Come on in



Please enter, as in Come on in, the door’s open. This phrase is simply a friendly request to enter one’s house or some other place. The related come on in, the water’s fine originated as an encouragement (or, sometimes, a command) to a reluctant or fearful swimmer but has been extended to other activities, as in Come on in, the water’s fine—this is a great office to work in!

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  • Come on like gangbusters

    verb phrase To begin or proceed in a vigorous fashion: I come on like the Gang Busters and go off like The March of Time [1942+; fr the radio program Gangbusters of 1937–1942, which was introduced by a noisy miscellany of sirens, shots, screeches, music, etc]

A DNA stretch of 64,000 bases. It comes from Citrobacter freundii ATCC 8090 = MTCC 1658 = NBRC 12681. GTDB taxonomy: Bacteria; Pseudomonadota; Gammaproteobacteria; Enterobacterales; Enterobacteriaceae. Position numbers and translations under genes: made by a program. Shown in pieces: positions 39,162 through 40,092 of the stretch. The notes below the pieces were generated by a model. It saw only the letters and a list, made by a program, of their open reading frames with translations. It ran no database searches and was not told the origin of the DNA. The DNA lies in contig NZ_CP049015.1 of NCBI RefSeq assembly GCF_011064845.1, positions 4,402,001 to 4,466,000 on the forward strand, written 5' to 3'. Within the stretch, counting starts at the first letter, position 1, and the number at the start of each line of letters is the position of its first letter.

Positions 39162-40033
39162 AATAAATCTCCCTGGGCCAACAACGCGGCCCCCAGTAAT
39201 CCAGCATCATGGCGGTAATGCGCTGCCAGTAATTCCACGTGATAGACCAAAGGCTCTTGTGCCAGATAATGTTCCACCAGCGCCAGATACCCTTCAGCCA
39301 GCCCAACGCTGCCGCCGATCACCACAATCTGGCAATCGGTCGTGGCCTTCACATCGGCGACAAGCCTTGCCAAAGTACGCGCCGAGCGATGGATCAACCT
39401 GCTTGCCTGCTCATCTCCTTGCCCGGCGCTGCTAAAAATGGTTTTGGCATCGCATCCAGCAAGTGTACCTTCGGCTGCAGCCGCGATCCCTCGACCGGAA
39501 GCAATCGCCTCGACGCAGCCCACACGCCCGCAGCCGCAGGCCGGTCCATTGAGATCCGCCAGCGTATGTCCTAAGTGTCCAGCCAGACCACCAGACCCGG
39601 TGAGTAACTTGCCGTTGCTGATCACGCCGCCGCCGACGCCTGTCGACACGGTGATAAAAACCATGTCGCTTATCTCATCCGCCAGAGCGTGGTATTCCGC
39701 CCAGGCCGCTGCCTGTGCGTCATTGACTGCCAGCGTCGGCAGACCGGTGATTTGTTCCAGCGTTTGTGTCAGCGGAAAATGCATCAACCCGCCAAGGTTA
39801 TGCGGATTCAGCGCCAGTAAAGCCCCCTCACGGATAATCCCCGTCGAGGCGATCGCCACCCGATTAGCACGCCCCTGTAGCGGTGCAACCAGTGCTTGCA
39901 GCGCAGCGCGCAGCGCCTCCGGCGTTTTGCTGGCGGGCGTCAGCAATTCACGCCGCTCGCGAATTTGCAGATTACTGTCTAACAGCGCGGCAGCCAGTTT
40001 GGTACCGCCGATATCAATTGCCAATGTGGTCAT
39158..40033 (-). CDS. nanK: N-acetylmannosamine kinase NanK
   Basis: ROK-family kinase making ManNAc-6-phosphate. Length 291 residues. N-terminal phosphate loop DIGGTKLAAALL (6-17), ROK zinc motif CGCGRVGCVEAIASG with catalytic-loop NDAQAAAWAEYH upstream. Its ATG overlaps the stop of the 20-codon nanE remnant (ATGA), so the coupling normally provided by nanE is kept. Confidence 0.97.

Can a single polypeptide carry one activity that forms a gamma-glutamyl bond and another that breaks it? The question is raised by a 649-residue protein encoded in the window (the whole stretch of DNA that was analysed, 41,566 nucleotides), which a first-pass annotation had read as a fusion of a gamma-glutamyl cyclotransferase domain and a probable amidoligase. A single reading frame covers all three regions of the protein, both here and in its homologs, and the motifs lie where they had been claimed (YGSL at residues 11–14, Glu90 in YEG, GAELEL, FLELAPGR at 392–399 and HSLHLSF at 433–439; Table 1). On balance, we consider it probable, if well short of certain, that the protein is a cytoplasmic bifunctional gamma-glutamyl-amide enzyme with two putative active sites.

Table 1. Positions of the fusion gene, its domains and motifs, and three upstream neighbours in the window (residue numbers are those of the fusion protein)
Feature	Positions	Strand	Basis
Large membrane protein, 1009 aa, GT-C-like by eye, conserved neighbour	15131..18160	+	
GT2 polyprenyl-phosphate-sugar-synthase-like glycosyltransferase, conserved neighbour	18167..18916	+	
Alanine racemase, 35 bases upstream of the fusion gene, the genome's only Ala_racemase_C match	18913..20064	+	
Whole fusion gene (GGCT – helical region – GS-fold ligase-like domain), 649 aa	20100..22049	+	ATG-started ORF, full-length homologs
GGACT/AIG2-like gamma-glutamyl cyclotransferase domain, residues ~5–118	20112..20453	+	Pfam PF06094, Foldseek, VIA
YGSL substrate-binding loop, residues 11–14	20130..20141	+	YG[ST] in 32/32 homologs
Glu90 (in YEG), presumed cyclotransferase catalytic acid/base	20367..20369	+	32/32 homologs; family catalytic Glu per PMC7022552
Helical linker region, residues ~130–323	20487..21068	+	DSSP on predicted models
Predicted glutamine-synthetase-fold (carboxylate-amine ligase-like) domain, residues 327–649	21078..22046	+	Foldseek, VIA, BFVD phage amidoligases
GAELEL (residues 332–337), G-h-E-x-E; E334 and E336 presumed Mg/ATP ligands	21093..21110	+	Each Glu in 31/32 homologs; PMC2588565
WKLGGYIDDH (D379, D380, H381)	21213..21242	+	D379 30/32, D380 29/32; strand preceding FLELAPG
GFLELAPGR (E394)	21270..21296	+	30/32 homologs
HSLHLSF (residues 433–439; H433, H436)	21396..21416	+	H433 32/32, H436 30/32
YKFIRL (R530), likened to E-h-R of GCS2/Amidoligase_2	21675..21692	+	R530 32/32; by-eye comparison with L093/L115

• Come on to someone

    noun (Variations: chuzpa or hutzpa or hutzpah) Extreme and offensive brashness; arrogant presumption; hubris: Chutzpa is that quality enshrined in a man who, having killed his mother and father, throws himself on the mercy of the court because he is an orphan/ The hutzpah of using Studio 54 was much commented on (1892+)



  • Come out ahead

    verb phrase To win: Who came out ahead in the poll? (1930s+) Succeed, make a profit. For example, By the end of the year we expect to come out ahead . Also see ahead of the game

  • Come-outer

    [kuhm-ou-ter] /ˌkʌmˈaʊ tər/ noun, Informal. 1. an outspoken or very active supporter of a cause, especially a reformer or a social activist.



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